How Do You Attach?

Do any of these sound familiar?

He is so insecure

She just can’t commit

Needy, needy, needy

I’m sure you’ve heard them – punchy labels, like the ones above, that define relationship dysfunction. You may have used these labels yourself. The labels themselves can be unhelpful or even downright hurtful. But understanding the dynamics these labels describe can improve your relationships. Attachment theory offers a roadmap for navigating relationship dynamics.

Attachment theory is based on research by developmental psychologists John Bowlby and Mary Ainsworth. It’s based on the idea that, in early childhood, we make sense of the world by developing deep-seated core beliefs called schemas. Attachment theory suggests that schemas that we form in our earliest years about ourselves and other people set a pattern for how we form close, meaningful relationships. Here’s how it works.

It All Starts in a Baby’s Brain

A human baby is born with 100 billion brain cells. Over the course of the first years of life those cells will form trillions of connections, creating neural networks that take shape as the child perceives and explores the world. Two factors most influence the brain’s development – genetics and the environment.

We know from studying identical twins that genetics contributes a lot to a baby’s temperament – innate personality traits like being easy and flexible, active or feisty, or cautious and slow to warm. While our genes lay the foundation, it’s our interactions with the environment that really shape who we will become. And what are most often the biggest, most influential things in a young child’s environment? That’s right – parents.

The Two Big Questions

Our deepest-held beliefs about who we are and what we can expect from other people are shaped, in large part, by the bonds we form with parents and other caregivers as babies and toddlers. Those beliefs reflect how we subconsciously answer two big questions:

Am I worthy of being loved and cared for?

Can others be relied on to care for me and love me?

If a young child has her needs consistently met and she is quickly comforted when upset, the answers to those questions will likely be “yes.” If the child doesn’t experience stable relationships or, even worse, experiences neglect and abuse, the answers could be “no.” These beliefs – which reside beneath our conscious awareness – color our relationships down through years. They also cause us to react to other important people in our lives in predictable ways, known as patterns of attachment.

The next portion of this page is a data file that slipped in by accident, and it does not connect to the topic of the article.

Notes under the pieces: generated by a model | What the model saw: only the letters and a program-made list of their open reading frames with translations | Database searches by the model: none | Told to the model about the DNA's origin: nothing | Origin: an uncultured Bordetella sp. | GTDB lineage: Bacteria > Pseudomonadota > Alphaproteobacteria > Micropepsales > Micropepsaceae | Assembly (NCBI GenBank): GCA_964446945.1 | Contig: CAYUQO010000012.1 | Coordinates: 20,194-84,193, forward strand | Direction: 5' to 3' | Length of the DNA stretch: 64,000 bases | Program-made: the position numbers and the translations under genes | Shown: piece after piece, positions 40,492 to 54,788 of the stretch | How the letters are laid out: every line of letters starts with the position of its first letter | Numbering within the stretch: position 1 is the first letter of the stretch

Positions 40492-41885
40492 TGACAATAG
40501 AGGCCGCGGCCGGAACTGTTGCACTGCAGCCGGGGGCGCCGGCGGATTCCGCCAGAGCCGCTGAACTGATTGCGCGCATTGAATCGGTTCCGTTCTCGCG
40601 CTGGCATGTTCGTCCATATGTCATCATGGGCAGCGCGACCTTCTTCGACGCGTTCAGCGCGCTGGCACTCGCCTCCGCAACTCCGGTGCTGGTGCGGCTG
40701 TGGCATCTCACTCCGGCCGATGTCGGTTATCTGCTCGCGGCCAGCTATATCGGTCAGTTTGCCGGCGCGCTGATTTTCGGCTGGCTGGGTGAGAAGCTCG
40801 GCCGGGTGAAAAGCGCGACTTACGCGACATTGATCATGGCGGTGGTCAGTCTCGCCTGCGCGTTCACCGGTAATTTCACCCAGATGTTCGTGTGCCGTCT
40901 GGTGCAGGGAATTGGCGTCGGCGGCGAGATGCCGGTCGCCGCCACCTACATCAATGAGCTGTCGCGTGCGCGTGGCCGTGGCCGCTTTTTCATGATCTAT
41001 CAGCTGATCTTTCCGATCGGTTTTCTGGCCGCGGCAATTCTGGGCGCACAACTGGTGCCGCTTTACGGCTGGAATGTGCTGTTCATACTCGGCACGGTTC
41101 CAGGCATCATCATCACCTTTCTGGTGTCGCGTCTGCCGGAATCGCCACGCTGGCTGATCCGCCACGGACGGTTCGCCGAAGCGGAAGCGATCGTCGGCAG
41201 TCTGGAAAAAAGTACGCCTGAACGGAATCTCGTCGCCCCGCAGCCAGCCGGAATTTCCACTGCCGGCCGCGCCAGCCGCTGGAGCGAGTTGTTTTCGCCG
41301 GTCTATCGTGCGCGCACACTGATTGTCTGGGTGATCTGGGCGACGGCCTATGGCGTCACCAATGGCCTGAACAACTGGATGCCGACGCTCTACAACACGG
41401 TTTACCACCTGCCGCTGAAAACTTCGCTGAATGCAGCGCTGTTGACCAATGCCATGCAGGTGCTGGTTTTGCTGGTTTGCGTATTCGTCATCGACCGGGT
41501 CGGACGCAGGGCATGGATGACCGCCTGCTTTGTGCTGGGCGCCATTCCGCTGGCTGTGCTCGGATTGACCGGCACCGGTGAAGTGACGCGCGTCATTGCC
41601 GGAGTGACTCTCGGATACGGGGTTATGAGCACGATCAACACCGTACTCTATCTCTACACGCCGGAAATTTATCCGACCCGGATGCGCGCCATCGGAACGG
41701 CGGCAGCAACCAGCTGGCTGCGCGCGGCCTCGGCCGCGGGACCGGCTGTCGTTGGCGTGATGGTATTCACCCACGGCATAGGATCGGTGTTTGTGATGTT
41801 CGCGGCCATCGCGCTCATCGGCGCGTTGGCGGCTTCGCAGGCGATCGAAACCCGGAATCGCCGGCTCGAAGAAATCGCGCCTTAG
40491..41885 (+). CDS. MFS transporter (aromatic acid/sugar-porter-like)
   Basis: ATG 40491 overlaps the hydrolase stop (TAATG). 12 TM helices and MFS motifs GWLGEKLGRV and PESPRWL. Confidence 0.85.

Patterns of Attachment

Attachment researchers who focus on the bonds between primary caregivers and young children identify four basic patterns of attachment in infants and toddlers. Here they are, along with the core beliefs underlying each:

Secure – “I am worthy of love and care. Others can be relied on to consistently provide love and care.” Children with secure attachment will readily seek comfort and reassurance from caregivers when upset. They feel secure exploring their environment, knowing that their caregiver is a safe base to return to. They have confidence that their needs for love and care will be consistently met by their caregivers.

Avoidant – “I am worthy of love and care. Others do not see this and may punish me if I ask for love and care.” Children with an avoidant pattern of attachment tend to be self-reliant and may avoid seeking closeness or comfort when distressed. They minimize their emotional needs to avoid potential rejection or punishment from caregivers. They may hesitate to express vulnerability or ask for love and care directly.

Resistant – “I am not worthy of love and care, but I need it. Sometimes others will provide me with love and care, sometimes they will not, so I need to demand it.” Children with a resistant pattern of attachment often cling to their caregivers, seeking constant reassurance and closeness. They may display fluctuating behaviors, switching between seeking and resisting comfort. They frequently demand attention and affection, even when not in distress, due to uncertainty about when it will be provided.

Disorganized – “I do not know if I am worthy of love and care. I do not know how others will respond if I ask for it.” Children with disorganized attachment exhibit unpredictable and disorganized behaviors when seeking comfort. They display confusion and mixed emotions in response to caregivers’ behaviors and they are uncertain about how caregivers will respond to their needs. This can lead to chaotic and sometimes contradictory actions.

Although I’ve put the attachment schemas into words, that is not how a baby or preverbal toddler will experience them. An avoidant, resistant, or disorganized child can’t put his attachment schemas into words, but the beliefs feel true because they are so deeply imprinted in the child’s mind. The good news is, these beliefs can evolve over time.

In my next post, we’ll examine how secure, avoidant, resistant, and disorganized patterns of attachment play out in adult relationships, including romantic relationships. We’ll also consider why it may be helpful to dig deeply into your past for clues about your earliest attachments in childhood.

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